Jewels Doskicz is a registered nurse, freelance writer, patient advocate, health coach, and long-distance cyclist. Jewels is the moderator of Diabetic Connect’s weekly #DCDE Twitter chat, and she and her daughter both live healthfully with type 1 diabetes.
Rocking a pair of sandals isn't out of the question with diabetes, but it does take a bit more forward thinking than the average salon goer.
The truth is, unsterilized instruments and tubs can pass bacterial and fungal infections between clients. What would you do if you saw suspicious practices mid-pedicure? Diabetes Forecast recommends you "get up and leave."
You are at a high risk for foot infections, so you require a little extra TLC. For some, a nick in the skin "can be a life-threatening complication," according to Lee J. Sanders, DPM, chief of podiatry service at VA Medical Center in Lebanon, Pennsylvania.
Finding a salon or spa that can fit your needs is a high priority. Check out these tips to stay healthy at the nail salon (before, during, and after).
You'll want to show up with freshly shaved legs—but resist the temptation. Diabetic Living recommends ditching your razor because shaving creates an easy way for fungus and bacteria to enter the skin through small nicks, cuts, or abrasions. It's not uncommon to see serious infections develop such as folliculitis or cellulitis.
- Keep it clean
Consider bringing your own set of tools from home.
Inquire about the salon's cleaning methods of the tub and tools. The best salons scrub, soak, and heat them in a surgical autoclave.
Ask to have your cuticles pushed back rather than clipped. Live skin around the nail bed is an easy place to get an unnecessary infection.
Have your nails filed, not clipped.
Request no razors be used on your feet.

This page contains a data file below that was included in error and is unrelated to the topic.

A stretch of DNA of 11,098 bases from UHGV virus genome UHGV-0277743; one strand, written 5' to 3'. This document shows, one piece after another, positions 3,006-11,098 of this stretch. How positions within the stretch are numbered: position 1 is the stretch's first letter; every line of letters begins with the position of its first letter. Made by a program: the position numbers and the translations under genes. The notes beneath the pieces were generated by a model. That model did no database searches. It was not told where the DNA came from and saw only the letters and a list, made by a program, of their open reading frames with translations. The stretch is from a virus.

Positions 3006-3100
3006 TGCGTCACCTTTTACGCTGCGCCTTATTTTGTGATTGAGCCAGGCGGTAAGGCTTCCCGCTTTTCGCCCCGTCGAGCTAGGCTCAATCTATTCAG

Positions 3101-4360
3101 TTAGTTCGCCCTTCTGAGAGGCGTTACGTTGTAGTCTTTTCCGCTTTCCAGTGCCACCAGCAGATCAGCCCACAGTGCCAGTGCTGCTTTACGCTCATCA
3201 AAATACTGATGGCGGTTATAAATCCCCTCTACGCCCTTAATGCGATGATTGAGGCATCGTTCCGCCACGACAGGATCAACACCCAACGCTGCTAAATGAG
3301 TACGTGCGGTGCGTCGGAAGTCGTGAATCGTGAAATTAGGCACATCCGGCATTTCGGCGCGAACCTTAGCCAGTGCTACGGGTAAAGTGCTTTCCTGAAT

Request that calluses aren't filed.
Request no lotion between the toes.
Know your A1c. It matters.
As your A1c climbs, so does your risk of infection. Think about postponing a salon appointment until your diabetes is well controlled. The smallest abrasion can result in an infectious process that takes on a life of its own. Weighing the risks versus the benefits is always important when living with diabetes.
If it's just nail care you're looking for, perhaps a podiatry appointment is in order. More podiatrists are now offering medical pedicures according to US News. Salons are also happy to forgo the bathing, scrubbing, and trimming to instead simply painting your nails—a much safer and cheaper option. You can even bring your favorite polish from home.
Be sure your needs are understood
Choose a salon with people who will understand your needs and be able to accommodate them. If your diabetes has left you with painful or numbing neuropathy, there are a few important points to share with your aesthetician:
If you aren't a good judge of temperature, have them test the water before you put your feet into it. This can help prevent burns from water that's too hot for you.
You may not feel uncomfortable sensations on your feet such as cuts or abrasions from rubbing them too vigorously, so let them know they have to be extra sensitive.
What to watch for after
With so much attention on the front end of the pedicure, don't forget what to look for afterward. If you develop a fever, rash, painful open sores, or non-healing or draining wounds, be sure to see your healthcare provider immediately for treatment. It's also always a good idea to talk to your healthcare provider before you schedule a pedicure.
Do you have any tips to add? Share in the comments below.